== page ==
Large amplitude inversion tunneling motion in ammonia, methylamine, hydrazine, and secondary amines: From structure determination to coordination chemistry - Université Paris-Est-Créteil-Val-de-Marne Access content directly
Journal Articles Coordination Chemistry Reviews Year : 2021

Large amplitude inversion tunneling motion in ammonia, methylamine, hydrazine, and secondary amines: From structure determination to coordination chemistry

Abstract

Inversion tunneling in a symmetric double minimum potential is a challenging large amplitude motion problem which causes all rotational energy levels to split into a symmetric and an antisymmetric level. Not like other types of large amplitude motion such as internal rotation, inversion tunneling appears much rarer, but the fundamental knowledge gained from this motion is essential to understand the complex structures in coordination chemistry. A double minimum potential needed for inversion tunneling requires the symmetry of the frame to which the inversion object is attached to be Cs or higher, while there is no restriction on the symmetry of the frame for internal rotation. This review summarizes four most classic examples of molecules featuring inversion tunneling motion and their coordination complexes. The textbook example, ammonia, with its umbrella motion during which the nitrogen atom passes from one side of the plane formed by the three hydrogens to the other, will be presented with information on its group theoretical considerations, theoretical studies, electronic ground state spectra in the infrared range, and its coordination complexes, especially those formed with calcium and copper. In the second classic example, methylamine, CH3NH2, the inversion motion of the amino group –NH2 is coupled with a methyl internal rotation –CH3. The spectrum of methylamine can be treated using a tunneling formalism applying the G12 permutation-inversion symmetry group. Extensive studies on the ground state, the first and second excited torsional states ν15, the inversion wagging state ν9, and the C-N stretching band ν8 exist along with their combinations. Pertubations and blends have made the analysis of methylamine very challenging. The third subject is on hydrazine with complex internal dynamics governed by three large amplitude motions: two –NH2 tunneling motions and an internal rotation (torsion) of the two amino groups around the N-N bond. Regarding the spectrum of hydrazine, the vibrational ground state lies in the microwave region. The first, second, and third excited torsional band ν7, symmetric wagging ν6, and asymmetric wagging ν12 are found in the infrared range. Group theoretical treatment and tunneling formalism can only be used to fit sub-bands individually, while global fits still remain a difficult task. Metal complexes with hydrazine and methylamine are introduced, proving the importance of spectroscopic understanding of molecular structures for the knowledge of coordination chemistry. Finally, secondary amines feature inversion tunneling of the hydrogen atom attached to the nitrogen, which is accompanied by two methyl internal rotations but not coupled with them so that they can be treated separately. For this class of molecules, only spectra of the vibrational ground state in the microwave domain will be considered.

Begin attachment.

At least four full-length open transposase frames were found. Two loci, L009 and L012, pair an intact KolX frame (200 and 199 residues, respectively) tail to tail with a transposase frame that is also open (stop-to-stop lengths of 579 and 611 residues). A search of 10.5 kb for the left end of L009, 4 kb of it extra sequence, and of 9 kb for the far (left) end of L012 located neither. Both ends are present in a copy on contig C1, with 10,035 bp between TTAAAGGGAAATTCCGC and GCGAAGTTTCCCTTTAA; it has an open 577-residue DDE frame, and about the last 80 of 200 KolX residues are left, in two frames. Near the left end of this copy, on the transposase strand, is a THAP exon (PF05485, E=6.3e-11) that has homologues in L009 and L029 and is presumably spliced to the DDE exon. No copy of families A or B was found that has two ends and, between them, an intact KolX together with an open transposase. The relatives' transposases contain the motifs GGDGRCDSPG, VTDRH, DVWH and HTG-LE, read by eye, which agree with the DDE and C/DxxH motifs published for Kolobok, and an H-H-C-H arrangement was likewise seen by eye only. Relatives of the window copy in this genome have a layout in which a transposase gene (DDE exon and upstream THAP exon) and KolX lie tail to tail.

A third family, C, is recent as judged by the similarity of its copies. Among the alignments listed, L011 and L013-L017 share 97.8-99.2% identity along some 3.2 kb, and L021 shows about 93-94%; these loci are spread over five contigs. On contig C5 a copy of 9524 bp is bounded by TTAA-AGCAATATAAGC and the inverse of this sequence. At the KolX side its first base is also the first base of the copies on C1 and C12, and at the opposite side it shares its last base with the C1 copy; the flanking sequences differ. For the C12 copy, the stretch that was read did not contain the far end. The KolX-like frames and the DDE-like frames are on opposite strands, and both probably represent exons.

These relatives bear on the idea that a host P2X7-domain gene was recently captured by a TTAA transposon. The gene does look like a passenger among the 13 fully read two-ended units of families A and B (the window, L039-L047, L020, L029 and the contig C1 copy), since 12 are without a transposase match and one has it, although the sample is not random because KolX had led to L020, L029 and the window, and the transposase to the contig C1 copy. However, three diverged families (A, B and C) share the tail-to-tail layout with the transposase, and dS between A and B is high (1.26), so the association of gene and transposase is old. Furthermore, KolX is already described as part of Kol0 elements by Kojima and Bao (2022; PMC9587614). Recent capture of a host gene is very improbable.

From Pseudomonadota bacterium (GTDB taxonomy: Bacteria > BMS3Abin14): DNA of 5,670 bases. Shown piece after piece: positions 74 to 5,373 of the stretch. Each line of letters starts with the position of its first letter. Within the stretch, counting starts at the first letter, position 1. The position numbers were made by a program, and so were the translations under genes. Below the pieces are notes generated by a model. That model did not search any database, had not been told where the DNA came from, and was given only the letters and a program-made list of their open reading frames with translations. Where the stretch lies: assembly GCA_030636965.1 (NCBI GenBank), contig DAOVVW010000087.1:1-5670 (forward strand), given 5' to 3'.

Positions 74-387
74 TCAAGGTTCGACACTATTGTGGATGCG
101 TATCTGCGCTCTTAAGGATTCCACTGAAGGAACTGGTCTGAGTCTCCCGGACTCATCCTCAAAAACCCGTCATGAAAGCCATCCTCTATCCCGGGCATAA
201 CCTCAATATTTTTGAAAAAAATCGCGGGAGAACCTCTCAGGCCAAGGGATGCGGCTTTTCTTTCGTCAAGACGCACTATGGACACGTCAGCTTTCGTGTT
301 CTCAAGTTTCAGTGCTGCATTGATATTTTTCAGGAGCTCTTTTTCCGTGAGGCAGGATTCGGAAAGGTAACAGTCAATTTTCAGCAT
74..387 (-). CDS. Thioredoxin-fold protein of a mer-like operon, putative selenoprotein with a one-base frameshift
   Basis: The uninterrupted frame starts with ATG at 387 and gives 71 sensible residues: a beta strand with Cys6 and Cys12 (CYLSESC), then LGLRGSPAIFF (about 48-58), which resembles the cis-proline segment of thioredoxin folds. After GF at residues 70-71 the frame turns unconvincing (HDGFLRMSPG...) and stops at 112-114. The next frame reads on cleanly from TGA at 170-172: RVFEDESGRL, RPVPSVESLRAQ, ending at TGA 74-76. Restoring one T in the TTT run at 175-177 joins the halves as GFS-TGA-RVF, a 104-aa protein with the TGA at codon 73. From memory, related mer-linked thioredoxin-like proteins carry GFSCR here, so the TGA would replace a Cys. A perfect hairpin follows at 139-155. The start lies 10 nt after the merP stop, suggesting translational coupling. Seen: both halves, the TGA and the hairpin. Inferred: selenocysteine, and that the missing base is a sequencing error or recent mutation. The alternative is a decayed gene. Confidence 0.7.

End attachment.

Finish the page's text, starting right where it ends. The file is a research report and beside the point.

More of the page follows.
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Dates and versions

hal-03182344 , version 1 (26-03-2021)

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Ha Vinh Lam Nguyen, Iwona Gulaczyk, Marek Kręglewski, Isabelle Kleiner. Large amplitude inversion tunneling motion in ammonia, methylamine, hydrazine, and secondary amines: From structure determination to coordination chemistry. Coordination Chemistry Reviews, 2021, 436, pp.213797. ⟨10.1016/j.ccr.2021.213797⟩. ⟨hal-03182344⟩
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